Irradiation of the LEU targets in CVŘ

The LVR-15 reactor is one of the facilities where the radionuclides for medical purposes are produced. One of those radionuclides is technetium, which is used in many types of organs’ scanning devices and thus allows medical professionals to carry out reliable diagnostics of diseases such as tumors, heart or breathing problems.

The process of supply from the production point is complicated by the quick process of degradation of 99mTc, which half-life is 6 hours.  Because of that it is impossible to stock technetium and to transport it to long distances.  That is why first the enriched uranium is irradiated in the reactor, it leads to the creation of Molybdenum (99Mo), which half-life is 66 hours. The half-life of 99Mo is sufficient for its processing and transportation to world destinations.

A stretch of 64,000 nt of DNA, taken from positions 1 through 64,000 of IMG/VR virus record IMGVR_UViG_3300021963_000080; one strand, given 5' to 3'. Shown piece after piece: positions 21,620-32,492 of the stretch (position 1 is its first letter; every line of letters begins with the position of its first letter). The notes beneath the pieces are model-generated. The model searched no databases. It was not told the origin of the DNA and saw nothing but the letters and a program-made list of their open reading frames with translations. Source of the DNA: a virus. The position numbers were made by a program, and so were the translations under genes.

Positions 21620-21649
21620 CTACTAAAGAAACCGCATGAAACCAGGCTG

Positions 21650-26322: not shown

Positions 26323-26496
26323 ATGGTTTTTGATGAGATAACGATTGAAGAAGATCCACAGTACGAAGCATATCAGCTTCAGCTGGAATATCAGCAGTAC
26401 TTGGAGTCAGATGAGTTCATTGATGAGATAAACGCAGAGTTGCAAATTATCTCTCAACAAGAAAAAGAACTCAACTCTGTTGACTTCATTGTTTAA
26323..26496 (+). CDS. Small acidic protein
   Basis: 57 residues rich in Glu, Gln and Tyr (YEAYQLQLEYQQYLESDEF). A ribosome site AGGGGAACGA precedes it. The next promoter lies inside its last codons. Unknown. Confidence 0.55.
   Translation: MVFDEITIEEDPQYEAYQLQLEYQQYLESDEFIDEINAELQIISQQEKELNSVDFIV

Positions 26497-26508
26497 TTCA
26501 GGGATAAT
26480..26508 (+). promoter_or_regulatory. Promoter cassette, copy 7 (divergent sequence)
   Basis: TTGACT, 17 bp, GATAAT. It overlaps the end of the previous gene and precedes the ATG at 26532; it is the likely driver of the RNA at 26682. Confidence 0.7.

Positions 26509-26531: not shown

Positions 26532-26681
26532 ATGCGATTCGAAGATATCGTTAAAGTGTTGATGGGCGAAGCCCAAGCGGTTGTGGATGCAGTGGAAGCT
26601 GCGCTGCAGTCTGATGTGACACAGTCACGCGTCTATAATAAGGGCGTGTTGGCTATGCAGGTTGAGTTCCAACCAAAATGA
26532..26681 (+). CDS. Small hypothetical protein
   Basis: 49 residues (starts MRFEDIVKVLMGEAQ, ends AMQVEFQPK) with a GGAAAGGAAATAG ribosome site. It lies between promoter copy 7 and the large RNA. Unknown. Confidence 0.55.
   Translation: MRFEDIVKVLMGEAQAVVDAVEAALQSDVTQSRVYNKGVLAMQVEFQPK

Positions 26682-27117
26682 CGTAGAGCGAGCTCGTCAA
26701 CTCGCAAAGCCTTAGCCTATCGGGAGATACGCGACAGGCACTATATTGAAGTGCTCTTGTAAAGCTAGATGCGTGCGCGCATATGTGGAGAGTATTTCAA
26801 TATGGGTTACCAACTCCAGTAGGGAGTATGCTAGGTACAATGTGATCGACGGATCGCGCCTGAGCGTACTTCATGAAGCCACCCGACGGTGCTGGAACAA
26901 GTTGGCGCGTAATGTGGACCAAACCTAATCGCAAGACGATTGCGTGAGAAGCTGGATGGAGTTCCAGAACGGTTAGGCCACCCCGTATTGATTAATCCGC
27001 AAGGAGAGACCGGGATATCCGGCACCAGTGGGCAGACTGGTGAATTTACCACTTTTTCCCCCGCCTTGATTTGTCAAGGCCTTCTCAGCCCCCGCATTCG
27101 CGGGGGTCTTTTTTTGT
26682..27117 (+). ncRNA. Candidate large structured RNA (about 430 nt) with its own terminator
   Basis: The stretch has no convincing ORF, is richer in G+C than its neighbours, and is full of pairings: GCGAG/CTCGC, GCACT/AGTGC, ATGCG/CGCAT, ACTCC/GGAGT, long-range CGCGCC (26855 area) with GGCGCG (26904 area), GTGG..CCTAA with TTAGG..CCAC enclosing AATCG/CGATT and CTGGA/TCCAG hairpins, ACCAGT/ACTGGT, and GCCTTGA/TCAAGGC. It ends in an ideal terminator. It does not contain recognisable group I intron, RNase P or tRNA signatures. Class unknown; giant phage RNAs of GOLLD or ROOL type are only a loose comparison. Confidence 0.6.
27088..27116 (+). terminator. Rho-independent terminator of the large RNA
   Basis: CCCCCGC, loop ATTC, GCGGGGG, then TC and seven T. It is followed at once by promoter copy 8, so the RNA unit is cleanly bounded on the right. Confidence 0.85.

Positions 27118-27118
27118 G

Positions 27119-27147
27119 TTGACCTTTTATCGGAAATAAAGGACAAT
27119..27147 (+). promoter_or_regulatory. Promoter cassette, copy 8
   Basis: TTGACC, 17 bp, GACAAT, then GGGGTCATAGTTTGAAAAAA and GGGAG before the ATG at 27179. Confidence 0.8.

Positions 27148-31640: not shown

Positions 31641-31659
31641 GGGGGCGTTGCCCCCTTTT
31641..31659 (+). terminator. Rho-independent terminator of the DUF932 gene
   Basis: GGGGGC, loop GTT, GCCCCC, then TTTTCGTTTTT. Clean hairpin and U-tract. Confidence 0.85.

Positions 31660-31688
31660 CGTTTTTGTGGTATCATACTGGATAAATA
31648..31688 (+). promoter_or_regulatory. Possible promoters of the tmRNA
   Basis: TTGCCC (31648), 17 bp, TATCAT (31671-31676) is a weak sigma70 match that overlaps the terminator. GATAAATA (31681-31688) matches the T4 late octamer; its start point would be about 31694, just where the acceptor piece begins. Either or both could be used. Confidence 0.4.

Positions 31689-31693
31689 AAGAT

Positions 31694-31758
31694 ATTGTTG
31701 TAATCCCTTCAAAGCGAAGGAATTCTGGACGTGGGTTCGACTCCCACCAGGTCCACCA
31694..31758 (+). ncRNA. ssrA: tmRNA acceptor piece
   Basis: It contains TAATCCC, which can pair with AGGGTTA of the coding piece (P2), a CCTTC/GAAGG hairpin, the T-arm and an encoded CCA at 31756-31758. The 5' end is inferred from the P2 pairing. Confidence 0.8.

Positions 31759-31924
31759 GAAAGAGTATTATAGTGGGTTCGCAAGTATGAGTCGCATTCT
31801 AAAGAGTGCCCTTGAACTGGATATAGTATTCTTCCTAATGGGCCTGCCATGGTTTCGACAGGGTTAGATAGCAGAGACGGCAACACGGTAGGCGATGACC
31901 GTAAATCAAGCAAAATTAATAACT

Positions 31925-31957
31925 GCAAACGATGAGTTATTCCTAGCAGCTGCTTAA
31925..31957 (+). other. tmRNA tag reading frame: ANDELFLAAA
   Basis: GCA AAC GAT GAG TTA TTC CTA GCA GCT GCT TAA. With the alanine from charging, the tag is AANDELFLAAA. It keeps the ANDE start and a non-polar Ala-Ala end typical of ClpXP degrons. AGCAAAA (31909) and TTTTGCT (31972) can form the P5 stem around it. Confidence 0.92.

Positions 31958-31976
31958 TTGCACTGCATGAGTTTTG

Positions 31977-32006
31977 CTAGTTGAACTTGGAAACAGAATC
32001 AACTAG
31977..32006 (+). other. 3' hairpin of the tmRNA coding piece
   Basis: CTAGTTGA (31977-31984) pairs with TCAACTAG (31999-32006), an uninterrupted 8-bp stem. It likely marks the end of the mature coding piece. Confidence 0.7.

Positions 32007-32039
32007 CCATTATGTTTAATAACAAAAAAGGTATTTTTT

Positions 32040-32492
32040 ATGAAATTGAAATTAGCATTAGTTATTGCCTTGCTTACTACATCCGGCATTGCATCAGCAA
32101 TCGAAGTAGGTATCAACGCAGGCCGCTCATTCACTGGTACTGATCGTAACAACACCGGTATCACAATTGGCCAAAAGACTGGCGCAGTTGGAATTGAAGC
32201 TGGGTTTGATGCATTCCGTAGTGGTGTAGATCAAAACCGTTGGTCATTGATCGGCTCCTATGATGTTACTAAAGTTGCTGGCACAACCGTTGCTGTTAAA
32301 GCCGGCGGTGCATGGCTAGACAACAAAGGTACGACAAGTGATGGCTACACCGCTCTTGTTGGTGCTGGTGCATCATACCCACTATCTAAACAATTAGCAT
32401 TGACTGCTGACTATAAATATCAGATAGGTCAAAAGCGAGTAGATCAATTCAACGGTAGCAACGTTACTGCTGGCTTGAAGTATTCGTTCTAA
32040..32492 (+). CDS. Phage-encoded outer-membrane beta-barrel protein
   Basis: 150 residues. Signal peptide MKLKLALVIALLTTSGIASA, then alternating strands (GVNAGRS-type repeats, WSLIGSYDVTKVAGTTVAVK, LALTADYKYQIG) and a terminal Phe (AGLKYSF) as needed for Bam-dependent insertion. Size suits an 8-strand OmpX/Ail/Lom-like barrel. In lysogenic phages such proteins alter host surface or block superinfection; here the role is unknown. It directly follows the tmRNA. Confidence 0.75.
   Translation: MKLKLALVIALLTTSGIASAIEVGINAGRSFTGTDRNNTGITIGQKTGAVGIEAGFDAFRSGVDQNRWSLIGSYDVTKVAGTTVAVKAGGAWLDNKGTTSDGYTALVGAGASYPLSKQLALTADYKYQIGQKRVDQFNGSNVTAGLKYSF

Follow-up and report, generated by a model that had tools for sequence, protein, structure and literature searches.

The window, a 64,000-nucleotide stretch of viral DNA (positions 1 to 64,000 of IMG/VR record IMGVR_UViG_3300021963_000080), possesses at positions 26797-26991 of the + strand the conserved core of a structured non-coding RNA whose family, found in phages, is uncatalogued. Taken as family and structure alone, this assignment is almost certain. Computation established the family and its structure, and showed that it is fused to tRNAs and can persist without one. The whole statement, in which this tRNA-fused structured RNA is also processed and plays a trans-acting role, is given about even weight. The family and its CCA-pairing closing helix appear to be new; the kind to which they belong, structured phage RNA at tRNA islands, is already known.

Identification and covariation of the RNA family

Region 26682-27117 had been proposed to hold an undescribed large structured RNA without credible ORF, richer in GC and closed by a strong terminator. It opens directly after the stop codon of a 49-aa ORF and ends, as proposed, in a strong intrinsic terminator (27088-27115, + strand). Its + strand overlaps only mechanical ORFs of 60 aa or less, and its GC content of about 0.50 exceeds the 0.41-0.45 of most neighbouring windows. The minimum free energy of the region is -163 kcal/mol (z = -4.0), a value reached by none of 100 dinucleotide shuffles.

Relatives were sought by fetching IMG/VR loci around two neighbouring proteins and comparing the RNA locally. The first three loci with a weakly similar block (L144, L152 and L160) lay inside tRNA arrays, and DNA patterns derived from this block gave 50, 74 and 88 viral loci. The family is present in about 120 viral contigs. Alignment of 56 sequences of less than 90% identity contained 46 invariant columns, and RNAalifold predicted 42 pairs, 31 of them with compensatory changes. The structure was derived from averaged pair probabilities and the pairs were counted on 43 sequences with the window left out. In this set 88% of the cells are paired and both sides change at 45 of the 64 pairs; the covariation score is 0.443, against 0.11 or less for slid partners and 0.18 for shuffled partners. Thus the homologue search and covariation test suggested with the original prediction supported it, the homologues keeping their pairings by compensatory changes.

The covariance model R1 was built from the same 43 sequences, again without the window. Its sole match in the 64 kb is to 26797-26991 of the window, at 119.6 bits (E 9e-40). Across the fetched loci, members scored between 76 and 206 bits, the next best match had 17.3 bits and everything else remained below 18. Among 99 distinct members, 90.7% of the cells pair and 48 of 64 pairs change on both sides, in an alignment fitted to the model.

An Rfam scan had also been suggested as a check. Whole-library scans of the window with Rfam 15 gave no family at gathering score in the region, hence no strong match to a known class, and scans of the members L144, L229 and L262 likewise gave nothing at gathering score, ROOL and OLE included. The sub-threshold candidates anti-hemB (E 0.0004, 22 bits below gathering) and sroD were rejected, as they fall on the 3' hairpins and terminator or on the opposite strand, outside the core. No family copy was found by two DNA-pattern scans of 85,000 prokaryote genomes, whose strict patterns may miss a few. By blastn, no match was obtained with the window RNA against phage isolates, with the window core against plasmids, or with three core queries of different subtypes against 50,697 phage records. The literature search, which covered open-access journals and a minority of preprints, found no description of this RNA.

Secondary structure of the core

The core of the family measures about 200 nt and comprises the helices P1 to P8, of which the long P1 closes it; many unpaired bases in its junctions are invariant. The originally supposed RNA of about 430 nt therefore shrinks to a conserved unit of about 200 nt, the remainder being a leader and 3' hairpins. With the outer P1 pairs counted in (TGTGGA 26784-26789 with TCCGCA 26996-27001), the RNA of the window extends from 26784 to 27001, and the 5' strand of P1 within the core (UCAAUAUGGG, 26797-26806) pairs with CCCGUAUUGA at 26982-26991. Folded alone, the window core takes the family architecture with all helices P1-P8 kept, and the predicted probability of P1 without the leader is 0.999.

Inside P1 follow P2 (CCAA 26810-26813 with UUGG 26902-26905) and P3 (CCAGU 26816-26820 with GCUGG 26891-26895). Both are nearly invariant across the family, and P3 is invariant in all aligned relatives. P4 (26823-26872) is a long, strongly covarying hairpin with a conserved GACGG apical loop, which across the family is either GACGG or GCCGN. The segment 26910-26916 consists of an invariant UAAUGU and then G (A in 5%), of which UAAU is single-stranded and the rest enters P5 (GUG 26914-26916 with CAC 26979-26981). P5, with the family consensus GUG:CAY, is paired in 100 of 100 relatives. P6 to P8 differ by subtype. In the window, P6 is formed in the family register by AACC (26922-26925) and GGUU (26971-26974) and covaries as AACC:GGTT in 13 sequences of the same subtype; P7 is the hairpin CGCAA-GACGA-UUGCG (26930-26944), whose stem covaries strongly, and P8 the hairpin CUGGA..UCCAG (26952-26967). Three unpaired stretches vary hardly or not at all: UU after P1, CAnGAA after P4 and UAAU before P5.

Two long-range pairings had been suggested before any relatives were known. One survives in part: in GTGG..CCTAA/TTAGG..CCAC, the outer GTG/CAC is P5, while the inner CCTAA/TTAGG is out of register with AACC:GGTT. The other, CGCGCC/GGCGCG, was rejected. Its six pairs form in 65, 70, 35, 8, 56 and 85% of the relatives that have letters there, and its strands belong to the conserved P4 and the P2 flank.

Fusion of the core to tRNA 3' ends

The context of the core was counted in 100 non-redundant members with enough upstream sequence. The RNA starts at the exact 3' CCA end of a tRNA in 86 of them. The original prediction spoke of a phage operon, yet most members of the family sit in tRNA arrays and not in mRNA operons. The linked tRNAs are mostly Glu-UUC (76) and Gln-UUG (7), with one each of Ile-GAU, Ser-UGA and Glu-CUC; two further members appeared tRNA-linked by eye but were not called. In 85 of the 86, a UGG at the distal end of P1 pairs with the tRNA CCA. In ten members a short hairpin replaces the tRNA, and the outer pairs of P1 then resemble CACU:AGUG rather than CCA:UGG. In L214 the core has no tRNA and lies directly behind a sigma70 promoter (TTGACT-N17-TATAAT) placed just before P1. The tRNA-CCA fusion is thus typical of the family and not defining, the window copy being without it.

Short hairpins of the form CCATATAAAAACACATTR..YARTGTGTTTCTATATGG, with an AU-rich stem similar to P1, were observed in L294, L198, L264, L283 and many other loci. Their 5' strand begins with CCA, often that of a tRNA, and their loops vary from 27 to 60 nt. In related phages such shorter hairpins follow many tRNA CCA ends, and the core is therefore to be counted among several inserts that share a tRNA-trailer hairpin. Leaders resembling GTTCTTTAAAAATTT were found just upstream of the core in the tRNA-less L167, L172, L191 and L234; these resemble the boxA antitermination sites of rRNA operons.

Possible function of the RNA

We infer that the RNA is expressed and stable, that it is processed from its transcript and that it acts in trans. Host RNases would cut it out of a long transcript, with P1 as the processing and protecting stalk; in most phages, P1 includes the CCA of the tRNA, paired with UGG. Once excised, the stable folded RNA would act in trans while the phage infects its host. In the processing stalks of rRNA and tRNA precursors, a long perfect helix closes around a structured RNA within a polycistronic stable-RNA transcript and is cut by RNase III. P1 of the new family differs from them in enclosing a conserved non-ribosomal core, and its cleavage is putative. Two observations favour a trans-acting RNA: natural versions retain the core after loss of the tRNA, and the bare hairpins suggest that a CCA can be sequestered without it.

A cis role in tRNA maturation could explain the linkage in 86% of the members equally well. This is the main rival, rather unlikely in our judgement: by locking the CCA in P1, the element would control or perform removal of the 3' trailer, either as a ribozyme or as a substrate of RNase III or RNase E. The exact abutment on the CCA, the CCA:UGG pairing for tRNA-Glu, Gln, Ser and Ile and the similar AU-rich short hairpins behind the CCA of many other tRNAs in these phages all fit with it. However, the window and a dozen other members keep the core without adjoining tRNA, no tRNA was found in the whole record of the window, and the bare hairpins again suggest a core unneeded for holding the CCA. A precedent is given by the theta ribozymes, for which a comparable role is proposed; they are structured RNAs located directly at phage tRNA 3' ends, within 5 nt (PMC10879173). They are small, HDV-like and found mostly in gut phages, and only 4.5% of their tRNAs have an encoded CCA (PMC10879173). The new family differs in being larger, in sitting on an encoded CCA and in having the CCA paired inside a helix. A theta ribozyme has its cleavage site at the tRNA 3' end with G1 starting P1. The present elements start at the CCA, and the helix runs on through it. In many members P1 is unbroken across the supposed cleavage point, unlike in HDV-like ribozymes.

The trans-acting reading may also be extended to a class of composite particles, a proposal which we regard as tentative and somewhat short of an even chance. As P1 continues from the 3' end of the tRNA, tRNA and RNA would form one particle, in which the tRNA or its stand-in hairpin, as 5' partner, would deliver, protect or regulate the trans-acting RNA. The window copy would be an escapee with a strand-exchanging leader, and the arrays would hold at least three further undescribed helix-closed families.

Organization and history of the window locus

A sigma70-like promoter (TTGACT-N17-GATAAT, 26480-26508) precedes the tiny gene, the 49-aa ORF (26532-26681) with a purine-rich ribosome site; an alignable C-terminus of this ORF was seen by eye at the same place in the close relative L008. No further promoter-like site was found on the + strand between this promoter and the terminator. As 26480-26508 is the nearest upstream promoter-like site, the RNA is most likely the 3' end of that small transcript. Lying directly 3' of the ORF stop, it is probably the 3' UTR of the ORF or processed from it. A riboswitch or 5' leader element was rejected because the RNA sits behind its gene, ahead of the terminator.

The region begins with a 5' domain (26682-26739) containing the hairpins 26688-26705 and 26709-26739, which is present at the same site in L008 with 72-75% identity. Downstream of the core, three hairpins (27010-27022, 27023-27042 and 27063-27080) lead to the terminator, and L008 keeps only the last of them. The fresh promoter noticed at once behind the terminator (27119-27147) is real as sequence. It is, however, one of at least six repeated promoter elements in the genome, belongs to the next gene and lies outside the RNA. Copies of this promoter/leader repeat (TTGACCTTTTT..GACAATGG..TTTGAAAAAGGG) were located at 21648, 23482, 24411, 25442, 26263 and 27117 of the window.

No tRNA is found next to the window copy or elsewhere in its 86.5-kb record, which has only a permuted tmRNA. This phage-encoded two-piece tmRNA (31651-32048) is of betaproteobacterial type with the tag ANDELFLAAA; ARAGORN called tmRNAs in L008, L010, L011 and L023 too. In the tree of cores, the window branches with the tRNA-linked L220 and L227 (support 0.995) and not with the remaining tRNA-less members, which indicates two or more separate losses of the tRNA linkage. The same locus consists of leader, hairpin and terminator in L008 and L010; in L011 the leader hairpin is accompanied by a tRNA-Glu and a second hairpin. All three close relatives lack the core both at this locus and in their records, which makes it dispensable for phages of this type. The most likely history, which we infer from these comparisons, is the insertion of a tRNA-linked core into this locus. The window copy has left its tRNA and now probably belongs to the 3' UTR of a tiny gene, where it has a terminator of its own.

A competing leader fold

Most of the produced 99Mo nowadays is based on the irradiation of highly enriched uranium.  According to the general trend of lowering of the uranium enrichment in order to minimize the risk of its misuse the process is also subject to downblending. The LVR-15 reactor is one of a few reactors which are fully adjusted for the irradiation of the low enriched targets (see picture).